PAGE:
Under the SBTA's procedure, in 1987-88 those fee payers who objected to paying the full fee but who accepted the SBTA's determination of the chargeable portion received their rebate by early December. At that point they had only paid three-tenths of the total annual agency fee (via deductions at the end of September, October and November). They were issued rebate checks in the amount of the non-chargeable portion of the entire year's fee. The fees received from those objectors who did not accept the SBTA's determination of the chargeable amount remained in escrow until the dispute could be resolved through arbitration, which took place on January 11 through 16, 1988. Objectors received rebate checks for the entire year before the April 30 fee deduction.


Under the agency fee agreement, the SBTA requested payment from non-union teachers in February, March and April of 1987. Plaintiffs-teachers requested no deduction be made. Deductions were to begin in May of 1987. The teachers filed this Sec. 1983 suit in May, requesting a temporary injunction against the collection of the fees and damages. The district court refused to enjoin the collection of fees but issued a temporary restraining order requiring the SBTA to place all agency fees collected in an escrow account.

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In June, the district court issued a preliminary injunction ordering the SBTA to place the fees in an escrow account. The court found that the SBTA's procedures in collecting the agency fees, which included giving no advance notice of the deduction and initially deducting fees equal to 100% of union dues, were constitutional. In July, both parties waived a full trial. The teachers filed a motion for a permanent injunction. The court, in looking at the 1987-88 fee deductions and rebate procedures, again refused to enjoin the collection of the fees. It found the SBTA's procedures were constitutional.3 The court also ordered the SBTA to pay a rebate to the teachers who filed the complaint because the court found the complaint substantially complied with the formal objection procedures required by the SBTA.


The teachers appeal the denial of the injunction, claiming the SBTA's collection procedures are unconstitutional. The SBTA cross-appeals the order to pay rebates. The District joins in the SBTA's arguments against rebates.4 We reverse in part and affirm in part.



A district court's conclusions on questions of law that implicate constitutional rights are reviewed de novo. Wood v. Sunn, 865 F.2d 982, 986 (9th Cir.1988).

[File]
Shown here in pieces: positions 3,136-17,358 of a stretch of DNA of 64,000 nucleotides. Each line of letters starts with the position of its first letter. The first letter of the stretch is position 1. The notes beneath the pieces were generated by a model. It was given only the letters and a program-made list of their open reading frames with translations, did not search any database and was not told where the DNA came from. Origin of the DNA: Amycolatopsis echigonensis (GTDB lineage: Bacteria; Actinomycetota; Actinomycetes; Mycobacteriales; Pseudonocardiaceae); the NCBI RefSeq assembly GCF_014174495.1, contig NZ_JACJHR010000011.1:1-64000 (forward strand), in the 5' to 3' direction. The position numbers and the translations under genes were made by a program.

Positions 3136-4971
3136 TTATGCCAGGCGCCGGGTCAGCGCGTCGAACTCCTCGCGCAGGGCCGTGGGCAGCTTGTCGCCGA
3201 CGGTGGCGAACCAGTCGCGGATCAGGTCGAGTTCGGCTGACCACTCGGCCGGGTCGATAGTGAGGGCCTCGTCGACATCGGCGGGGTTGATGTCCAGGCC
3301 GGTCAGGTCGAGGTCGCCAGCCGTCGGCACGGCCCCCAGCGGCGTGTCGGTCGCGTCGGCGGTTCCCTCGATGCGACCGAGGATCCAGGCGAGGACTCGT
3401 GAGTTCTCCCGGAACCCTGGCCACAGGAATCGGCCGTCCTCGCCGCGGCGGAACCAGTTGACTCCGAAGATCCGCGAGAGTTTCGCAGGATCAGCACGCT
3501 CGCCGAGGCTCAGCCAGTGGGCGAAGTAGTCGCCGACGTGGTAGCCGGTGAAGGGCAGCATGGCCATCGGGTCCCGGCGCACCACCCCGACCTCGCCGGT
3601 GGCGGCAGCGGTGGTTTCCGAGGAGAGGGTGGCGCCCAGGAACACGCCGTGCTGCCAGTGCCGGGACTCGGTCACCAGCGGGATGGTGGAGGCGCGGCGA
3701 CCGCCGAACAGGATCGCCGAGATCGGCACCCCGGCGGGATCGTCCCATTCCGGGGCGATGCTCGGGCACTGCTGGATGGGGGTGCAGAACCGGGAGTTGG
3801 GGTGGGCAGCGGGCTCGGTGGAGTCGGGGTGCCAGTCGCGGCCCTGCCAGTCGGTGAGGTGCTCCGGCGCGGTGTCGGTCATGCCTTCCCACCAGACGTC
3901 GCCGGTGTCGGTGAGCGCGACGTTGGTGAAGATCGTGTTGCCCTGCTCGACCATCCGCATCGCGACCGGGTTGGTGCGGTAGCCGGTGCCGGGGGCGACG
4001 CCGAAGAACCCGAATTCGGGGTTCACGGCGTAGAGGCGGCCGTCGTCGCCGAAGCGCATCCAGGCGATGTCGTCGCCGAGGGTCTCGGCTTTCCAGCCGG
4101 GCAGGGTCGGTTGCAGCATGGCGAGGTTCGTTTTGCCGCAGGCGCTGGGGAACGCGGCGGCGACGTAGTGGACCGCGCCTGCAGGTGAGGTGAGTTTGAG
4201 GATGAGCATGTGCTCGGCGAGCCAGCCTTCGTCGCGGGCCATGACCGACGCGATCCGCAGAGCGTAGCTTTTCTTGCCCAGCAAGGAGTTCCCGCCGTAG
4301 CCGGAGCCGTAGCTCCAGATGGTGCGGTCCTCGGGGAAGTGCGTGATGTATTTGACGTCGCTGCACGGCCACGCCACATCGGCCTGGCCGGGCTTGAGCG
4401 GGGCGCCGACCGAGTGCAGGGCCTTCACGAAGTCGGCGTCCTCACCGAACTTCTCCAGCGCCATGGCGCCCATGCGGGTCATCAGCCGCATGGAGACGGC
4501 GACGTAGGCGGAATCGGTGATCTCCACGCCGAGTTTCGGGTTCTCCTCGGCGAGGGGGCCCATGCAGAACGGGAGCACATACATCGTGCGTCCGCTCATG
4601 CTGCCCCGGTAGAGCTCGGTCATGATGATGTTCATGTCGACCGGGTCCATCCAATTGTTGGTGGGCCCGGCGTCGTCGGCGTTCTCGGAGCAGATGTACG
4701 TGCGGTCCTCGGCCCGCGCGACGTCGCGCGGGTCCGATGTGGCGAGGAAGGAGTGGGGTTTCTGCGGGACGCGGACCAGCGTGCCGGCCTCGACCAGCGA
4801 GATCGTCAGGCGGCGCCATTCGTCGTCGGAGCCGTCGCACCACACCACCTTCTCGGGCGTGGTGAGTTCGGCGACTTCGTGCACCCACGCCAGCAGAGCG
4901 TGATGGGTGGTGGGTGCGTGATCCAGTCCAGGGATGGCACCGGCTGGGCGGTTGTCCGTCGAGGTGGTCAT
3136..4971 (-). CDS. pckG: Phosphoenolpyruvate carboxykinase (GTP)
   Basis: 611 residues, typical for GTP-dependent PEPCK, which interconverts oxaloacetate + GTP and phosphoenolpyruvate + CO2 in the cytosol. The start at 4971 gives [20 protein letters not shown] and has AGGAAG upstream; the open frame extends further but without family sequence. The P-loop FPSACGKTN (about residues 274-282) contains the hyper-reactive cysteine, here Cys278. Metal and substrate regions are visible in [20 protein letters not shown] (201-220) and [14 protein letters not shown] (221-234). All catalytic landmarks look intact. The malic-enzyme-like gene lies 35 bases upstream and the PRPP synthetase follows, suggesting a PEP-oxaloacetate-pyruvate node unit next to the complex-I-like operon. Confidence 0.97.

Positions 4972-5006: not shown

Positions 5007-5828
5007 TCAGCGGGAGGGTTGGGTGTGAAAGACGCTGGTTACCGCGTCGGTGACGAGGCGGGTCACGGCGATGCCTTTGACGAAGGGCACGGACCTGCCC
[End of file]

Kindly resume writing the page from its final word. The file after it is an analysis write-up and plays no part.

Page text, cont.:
I. Constitutionality of Fee Collection Procedure


The teachers argue that the District's procedure for the collection of agency shop fees violates their first and fourteenth amendment rights because the procedure by which SBTA collects the nonmember fees does not satisfy the requirements set out by the Supreme Court in Chicago Teachers Union v. Hudson, 475 U.S. 292, 106 S.Ct. 1066, 89 L.Ed.2d 232 (1986). Specifically, the teachers argue the deduction procedure violates their constitutional rights because the fee deducted is equal to 100% of members' dues and no notice is given before the deductions occur.


The district court ruled the agency fee procedure was constitutional. The court held that Hudson does not require advance reductions in the amount of fees collected because the 100% escrow of all nonmember funds until the proportion of chargeable expenditures is determined satisfies the constitutional requirement that nonmember fees not be used for ideological purposes by the SBTA. The court also found that no advance notice of the agency fee deductions was required to satisfy Hudson.


The Supreme Court has recognized that a union representing public employees has a right to require nonunion employees to contribute to the union's cost of collective bargaining as a condition of employment. Chicago Teachers Union v. Hudson, 475 U.S. 292, 301, 106 S.Ct. 1066, 1073, 89 L.Ed.2d 232 (1986); Abood v. Detroit Bd. of Educ., 431 U.S. 209, 232, 97 S.Ct. 1782, 1798, 52 L.Ed.2d 261 (1977). In Hudson, the Court acknowledged that the collection and expenditure of union fees implicate nonunion employees' first amendment rights, both by forced subsidization of ideological views and by interference with the freedom of association.5 Hudson, 475 U.S. at 301, 106 S.Ct. at 1073. In striking a balance between the union's and the nonunion employees' rights, " 'the objective must be to devise a way of preventing compulsory subsidization of ideological activity by employees who object thereto without restricting the Union's ability to require every employee to contribute to the cost of collective bargaining activities.' " Id. at 302, 106 S.Ct. at 1073 (citations omitted).